A passage from the Salon leads to a small chapel, suspended over the Rio San Barnaba. The chapel was built by either Aurelio Rezzonico or Cardinal Rezzonico, the nephew of Pope Clement XIII, in the second half of the 18th century. Some of the original decoration remains, including the sculpted and gilded rococo stucco sculpture on the white walls, and a retable, The Virgin and Saints, by a pupil of Tiepolo, Francesco Zugno., and prie-dieu, or seat for kneeling and praying, in the twisting and turning Veneitian rococo style. 
The Salon of Pastels was originally a room for holding audiences; in that room the Papal Legate informed Cardinal Rezzonico that he had been elected Pope the day before. The ceiling is decorated with frescos depicting the Triumph of the Arts over Ignorance, presented in a tromp-l'oeil painted frame, with allegorical scenes painted in the corners. The paintings , particularly The Triumph of Poetry, date from the time when Tiepolo was working in the main salon, and are usually attributed to either Giambattista Crosato or Gaspare Diziani of Beluno. The room takes its name from the number of pastel portraits by Rosalba Carriera and other notable Venetian artists. They include a fine pastel portrait of the opera singer Faustina Bordoni by Carriera. Another notable pastel portrait is that of Cecilia Guardi Tiepolo, wife of the painter Tiepolo, painted by her son Lorenzo. It was painted in 1757. 
The Tapestry Hall features three large Flemish tapestries from the end of the 17th century, as well as sculpted and gilded furniture from the period. The ceiling frescoes represent The Triumph of Virtue, by Jacopo Guarana. The yellow door is also notable; it portrays a lacquered painting of a Chinese woman with a parasol, surrounded by floral motifs, and dates from 1760.
The Throne Room, at the end of the piano nobilie, looks out at both the Grand Canal and the Rio San Barnaba. it takes its name from an elaborate gilded and sculpted wooden throne which was used during the brief visit of Pope Pius VI in 1778, on his way from Rome to Vienna. It was also the bridal chamber of Ludovico Rezzonico and Faustina Savorgnan. Besides the throne, its other notable features of the room are the ceiling frescos, titled The Allegory of Merit, which were painted by Tiepelo and his sons in just twelve days. The furniture in the room is also notable, particularly sculpted and gilded tables, mirrors and candlesticks, ornamented with statues of putti and figures representing the different virtues. The room also features several fine Chinese porcelain vases.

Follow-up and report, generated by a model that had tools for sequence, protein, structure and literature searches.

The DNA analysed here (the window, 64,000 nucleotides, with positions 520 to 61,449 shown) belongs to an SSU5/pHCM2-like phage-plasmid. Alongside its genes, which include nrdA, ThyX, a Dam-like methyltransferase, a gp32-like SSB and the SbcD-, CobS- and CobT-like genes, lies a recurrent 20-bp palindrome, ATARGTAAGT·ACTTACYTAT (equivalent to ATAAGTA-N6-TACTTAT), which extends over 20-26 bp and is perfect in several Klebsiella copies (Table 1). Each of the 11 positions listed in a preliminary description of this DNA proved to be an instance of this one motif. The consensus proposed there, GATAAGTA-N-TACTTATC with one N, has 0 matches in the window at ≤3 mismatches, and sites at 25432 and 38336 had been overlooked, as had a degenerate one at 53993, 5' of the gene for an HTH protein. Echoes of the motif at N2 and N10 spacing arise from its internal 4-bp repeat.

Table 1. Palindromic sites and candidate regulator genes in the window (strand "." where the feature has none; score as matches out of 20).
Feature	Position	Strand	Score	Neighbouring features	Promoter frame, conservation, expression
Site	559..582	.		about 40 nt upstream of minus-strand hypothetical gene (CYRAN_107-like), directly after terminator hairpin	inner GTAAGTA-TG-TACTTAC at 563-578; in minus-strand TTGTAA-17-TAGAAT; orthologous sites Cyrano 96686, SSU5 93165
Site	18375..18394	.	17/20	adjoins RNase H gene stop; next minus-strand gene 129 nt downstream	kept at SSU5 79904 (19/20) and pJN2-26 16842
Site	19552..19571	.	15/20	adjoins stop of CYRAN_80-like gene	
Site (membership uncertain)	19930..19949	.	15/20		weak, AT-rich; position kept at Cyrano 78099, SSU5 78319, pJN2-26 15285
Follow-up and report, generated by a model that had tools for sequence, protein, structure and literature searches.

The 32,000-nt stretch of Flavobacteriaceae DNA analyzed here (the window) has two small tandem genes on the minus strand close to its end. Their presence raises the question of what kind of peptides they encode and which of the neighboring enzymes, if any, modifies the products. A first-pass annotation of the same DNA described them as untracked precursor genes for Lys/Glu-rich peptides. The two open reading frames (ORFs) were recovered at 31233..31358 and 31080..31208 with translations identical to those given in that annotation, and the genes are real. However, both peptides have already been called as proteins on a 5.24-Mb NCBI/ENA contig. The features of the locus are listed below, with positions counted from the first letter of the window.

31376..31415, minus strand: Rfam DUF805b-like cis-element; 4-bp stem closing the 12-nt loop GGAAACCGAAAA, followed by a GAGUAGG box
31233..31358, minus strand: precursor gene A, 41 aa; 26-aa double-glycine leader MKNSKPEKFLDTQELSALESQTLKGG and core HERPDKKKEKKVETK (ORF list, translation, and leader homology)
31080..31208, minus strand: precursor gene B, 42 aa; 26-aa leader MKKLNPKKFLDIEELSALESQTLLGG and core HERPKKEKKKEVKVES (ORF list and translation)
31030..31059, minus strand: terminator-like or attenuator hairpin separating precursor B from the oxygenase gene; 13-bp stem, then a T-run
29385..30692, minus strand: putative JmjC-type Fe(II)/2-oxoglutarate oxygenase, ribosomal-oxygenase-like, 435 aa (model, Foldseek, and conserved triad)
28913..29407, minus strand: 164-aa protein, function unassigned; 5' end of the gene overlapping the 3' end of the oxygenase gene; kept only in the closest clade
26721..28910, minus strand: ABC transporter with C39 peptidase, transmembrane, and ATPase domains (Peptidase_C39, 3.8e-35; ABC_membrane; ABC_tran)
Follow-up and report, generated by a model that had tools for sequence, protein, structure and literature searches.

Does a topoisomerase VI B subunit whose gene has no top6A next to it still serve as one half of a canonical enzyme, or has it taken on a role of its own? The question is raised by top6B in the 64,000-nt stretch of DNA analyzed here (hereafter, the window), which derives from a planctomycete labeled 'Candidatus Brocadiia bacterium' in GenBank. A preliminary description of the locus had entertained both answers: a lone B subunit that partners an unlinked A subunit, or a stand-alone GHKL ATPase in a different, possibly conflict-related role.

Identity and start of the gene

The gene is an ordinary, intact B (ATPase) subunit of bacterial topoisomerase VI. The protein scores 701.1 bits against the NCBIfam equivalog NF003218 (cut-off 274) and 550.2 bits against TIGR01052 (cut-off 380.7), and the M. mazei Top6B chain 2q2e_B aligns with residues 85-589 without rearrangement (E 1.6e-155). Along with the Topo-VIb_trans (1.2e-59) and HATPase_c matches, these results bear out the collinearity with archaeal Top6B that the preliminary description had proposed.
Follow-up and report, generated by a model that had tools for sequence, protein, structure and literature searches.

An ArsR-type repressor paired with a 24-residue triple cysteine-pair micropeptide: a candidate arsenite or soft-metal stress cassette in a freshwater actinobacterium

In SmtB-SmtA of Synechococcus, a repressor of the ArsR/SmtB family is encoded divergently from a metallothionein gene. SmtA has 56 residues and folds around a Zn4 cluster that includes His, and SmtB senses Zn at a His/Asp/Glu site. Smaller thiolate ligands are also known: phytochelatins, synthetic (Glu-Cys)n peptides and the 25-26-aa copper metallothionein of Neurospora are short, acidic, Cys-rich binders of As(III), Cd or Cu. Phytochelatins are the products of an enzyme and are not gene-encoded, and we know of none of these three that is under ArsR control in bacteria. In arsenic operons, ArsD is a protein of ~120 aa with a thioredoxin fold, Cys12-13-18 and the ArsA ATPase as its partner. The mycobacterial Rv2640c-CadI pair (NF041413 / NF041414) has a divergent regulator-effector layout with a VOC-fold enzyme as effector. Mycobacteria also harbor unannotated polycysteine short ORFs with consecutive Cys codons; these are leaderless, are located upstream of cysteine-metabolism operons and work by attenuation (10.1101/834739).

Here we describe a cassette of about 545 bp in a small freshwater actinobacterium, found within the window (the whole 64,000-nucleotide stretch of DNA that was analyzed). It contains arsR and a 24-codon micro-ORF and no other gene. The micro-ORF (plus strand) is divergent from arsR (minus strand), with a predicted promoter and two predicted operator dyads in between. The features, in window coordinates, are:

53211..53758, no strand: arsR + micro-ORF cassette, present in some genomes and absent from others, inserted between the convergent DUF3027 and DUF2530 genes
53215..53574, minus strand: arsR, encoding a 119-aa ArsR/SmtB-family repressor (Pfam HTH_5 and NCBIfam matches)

Allegory of Merit by Giambattista Tiepolo (1757)
Allegory of Merit by Mattia Bortoloni (1720-30), in the Morlaiter Hall
Lucrezia by Filippo Parodi
Murano glass chandelier in the Brustolon Hall by Giuseppe Briani (mid-18th century)
The Tiepolo Hall has the third of the four Tiepolo ceilings in the building, called Nobility and Virtue defeating Ignorance. Unlike the other Tiepolo ceilings, this ceiling, painted in 1744-45, was not made for the Ca' Rezzonico, but for the family of Pietro Barbarigo for his own house in Santa Maria del Giglio. It was bought by the city of Venice in 1934 and installed in the museum. The room also displays paintings by Venetian artists, including Pietro Longhi, Francesco Guardi, and two early works in oval frames by Giambattista Tiepolo from 1715-16. The furnishings also pieces of Venetian baroque furniture, including a gaming table, and an ornate painted secretary, or cabinet, used to hold previous objects, made in Germany in the 18th century.
The Morlaiter hall is furnished like a library, with four large bookcases filled with small sculptures in terra-cotta or baked earth by the Ventian sculptor Giovanni Maria Morlaiter (1699-1781), which were acquired for the museum by the City of Venice in 1935. The ceiling has a fresco on the same theme as the Tiepolo fresco in the Throne Room, Allegory of Merit, by Mattia Bortoloni.
The Lazzarini Hall takes its name from the Venetian painter Gregorio Lazzarini, from the end of the 17th century. The three large mythological paintings in the room were attributed to him in the 19th century. More recent scholarship attributes one painting in the room, Orpheus massacred by the Bacchanantes, to Lazzari. The others are now attributed to Antonio Bellucci and Antonio Molinari. The five oval paintings on the ceiling, also on mythological themes, are by Francesco Maffei, from the end of the 17th century. The room also features a very fine marquetry desk, inlaid with ivory and decorated with gilded bronze, by the ebenist Pietro Pifetti, signed and dated 1741. 
The Brustolon Hall is devoted to the sculpted furniture and carved figures of Andrea Brustolon, he most celebrated Venetian baroque wood sculptor. The works displayed are dated 1706, and use different colored woods, including ebony, and extremely ornate baroque curves and twists to portray action and emotion. The room also features a notable chandelier with multi-colored glass in floral forms from the Murano glass workshop of Giuseppe Briani, made in the middle of the 18th century. 
Second floor galleries
The second (third, in U.S. usage), or upper floor, contains a series of galleries displaying Venetian paintings and decorative arts from the 18th century. Several major paintings by Canaletto are on display, including his Architectural Caprice and two views of the Grand Canal, painted in 1719-20 during his youth. They marked the beginning of his famous series of Venice scenes. They were purchased for the museum by the City of Venice in 1983. Another large-scale depiction of the port The festival of Saint Martha by Gaspare Diziani, is also on display, along with several celebrated scenes of life in Venice during the period by Francesco Guardi. Several frescos by Guardi, including The Triumph of Diana, are on display in the Guardi Hall.